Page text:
If you follow Todd Fanning on Twitter you would know how excited he was earlier this year with the idea of winning the 2014 Manitoba Amateur Golf Championship 30 years after his first one in 1984.
Well, on Thursday he did it again. This time with the help of a lucky bounce.
Fanning, holding onto a one-stroke lead, sent his drive on the 17th tee at Niakwa Country Club wide and into the trees, or at least it looked that way. His ball took a bounce, then another bounce off the leg of a spectator trying to avoid the ball and landed back on the fairway. His subsequent chip-shot landed about 10 feet from the pin.
He missed the birdie putt and settled for par.
"That was a real nice break," Fanning, 46, said. "I don't think I would've had much of a shot where it would've turned out, would have had to chip it in front of the green, you needs breaks like that sometimes."
On the par-4 18 Fanning's experience came through, now two-strokes ahead of Charlie Boyechko, when he landed perfectly on the fairway and finished off with par to win his fifth Manitoba amateur championship since 1992 at 10-under.
Fanning came into the final round of the tournament at 12-under, six strokes better than the second place Garth Collings, who ended up in fourth place at two-under. But it wasn't that easy, as the former Canadian Tour pro had to hold off a charging Boyechko, who started the round at two-under.
After going one-over on the front-nine to start the round, things only seemed to get worse for the champion. He had three-straight bogeys on holes 13, 14 and 15 that put him and Boyechko, who was in the group one hole ahead, into a tie at nine-under.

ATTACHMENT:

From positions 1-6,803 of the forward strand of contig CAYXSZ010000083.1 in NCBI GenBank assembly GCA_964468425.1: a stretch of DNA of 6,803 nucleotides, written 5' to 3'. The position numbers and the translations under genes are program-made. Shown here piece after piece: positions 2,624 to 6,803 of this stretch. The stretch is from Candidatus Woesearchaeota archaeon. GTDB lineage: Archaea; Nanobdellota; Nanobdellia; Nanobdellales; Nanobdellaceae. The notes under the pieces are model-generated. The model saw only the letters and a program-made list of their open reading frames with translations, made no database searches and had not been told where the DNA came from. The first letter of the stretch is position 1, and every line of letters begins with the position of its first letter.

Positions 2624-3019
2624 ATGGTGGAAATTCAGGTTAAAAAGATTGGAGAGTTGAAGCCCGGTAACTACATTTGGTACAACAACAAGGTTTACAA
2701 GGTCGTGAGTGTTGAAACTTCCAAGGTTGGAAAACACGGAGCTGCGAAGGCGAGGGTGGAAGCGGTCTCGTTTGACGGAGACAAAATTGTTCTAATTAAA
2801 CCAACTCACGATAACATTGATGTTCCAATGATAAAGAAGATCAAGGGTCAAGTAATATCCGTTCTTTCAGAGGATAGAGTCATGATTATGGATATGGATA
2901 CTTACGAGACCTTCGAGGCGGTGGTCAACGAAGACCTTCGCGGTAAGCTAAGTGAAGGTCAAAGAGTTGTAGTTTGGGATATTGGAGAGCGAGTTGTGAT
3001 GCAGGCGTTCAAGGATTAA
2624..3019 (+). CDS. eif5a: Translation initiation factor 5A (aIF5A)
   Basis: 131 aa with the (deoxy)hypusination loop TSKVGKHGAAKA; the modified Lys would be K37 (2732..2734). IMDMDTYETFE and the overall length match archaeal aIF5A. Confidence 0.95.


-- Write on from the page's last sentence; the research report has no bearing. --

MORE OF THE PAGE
But a great shot from the bunker followed by a birdie putt on 16 put him ahead at 10-under. Fanning, who regained his amateur status in 2008 after a professional career, said not even all those years of experience could have prepared him for this.
"I haven't competed for so long." he said. "I'll tell you, I'm not going to lie: When I found out what Charlie was doing I was nervous. I was nervous, you know. I think I started playing a little quick.
"I bogeyed 13, 14, 15, which made it closer than it should've been, but knowing he was going well sure made it tough."
Fanning shot in the 60s every round except the last one, shooting two-over 74. The last two rounds of the tournament were held at Niakwa, his home course.
He hasn't played this tournament in six years but when he found out two rounds of the tournament were at Niakwa to go along with the Canadian Amateur Championship being held in Winnipeg next month, he decided to give it a shot.
"For 63 holes I was as good as I was when I was playing on the tour," he said. "It was fun and yeah I'm glad my family could enjoy it because my kids they didn't see me winning all those other amateurs so I'm glad they're able to be here and share it with me."
It was a great round for Boyechko, a University of Manitoba Bisons golfer. He nailed four of his seven birdies on the back-nine to finish at 8-under and an outstanding six-under 66 on the round, but it wasn't enough to catch the struggling Fanning.
On the 18th, Boyechko was just one stroke behind Fanning but his drive landed near the bushes, preventing him from getting his second shot on the green and instead put his second shot on the fairway. He missed his long putt for par and had to settle for bogey, and runner-up.
He said despite the finish, it was important for him to know he can hang with the best, especially being 10 shots back to start. "We play a lot together," Boyechko said of him and Fanning. "We were talking a lot heading into it and today he was kinda disappointed that I was so far back so we've been texting back and forth.
"He said 'Make a lot of birdies, so I see you making a lot of birdies.' I got off to a really good start, obviously he took notice and kinda struggled a bit. I mean it's tough to lose by two but it's nice to get within contention and feel those feelings, it was good day."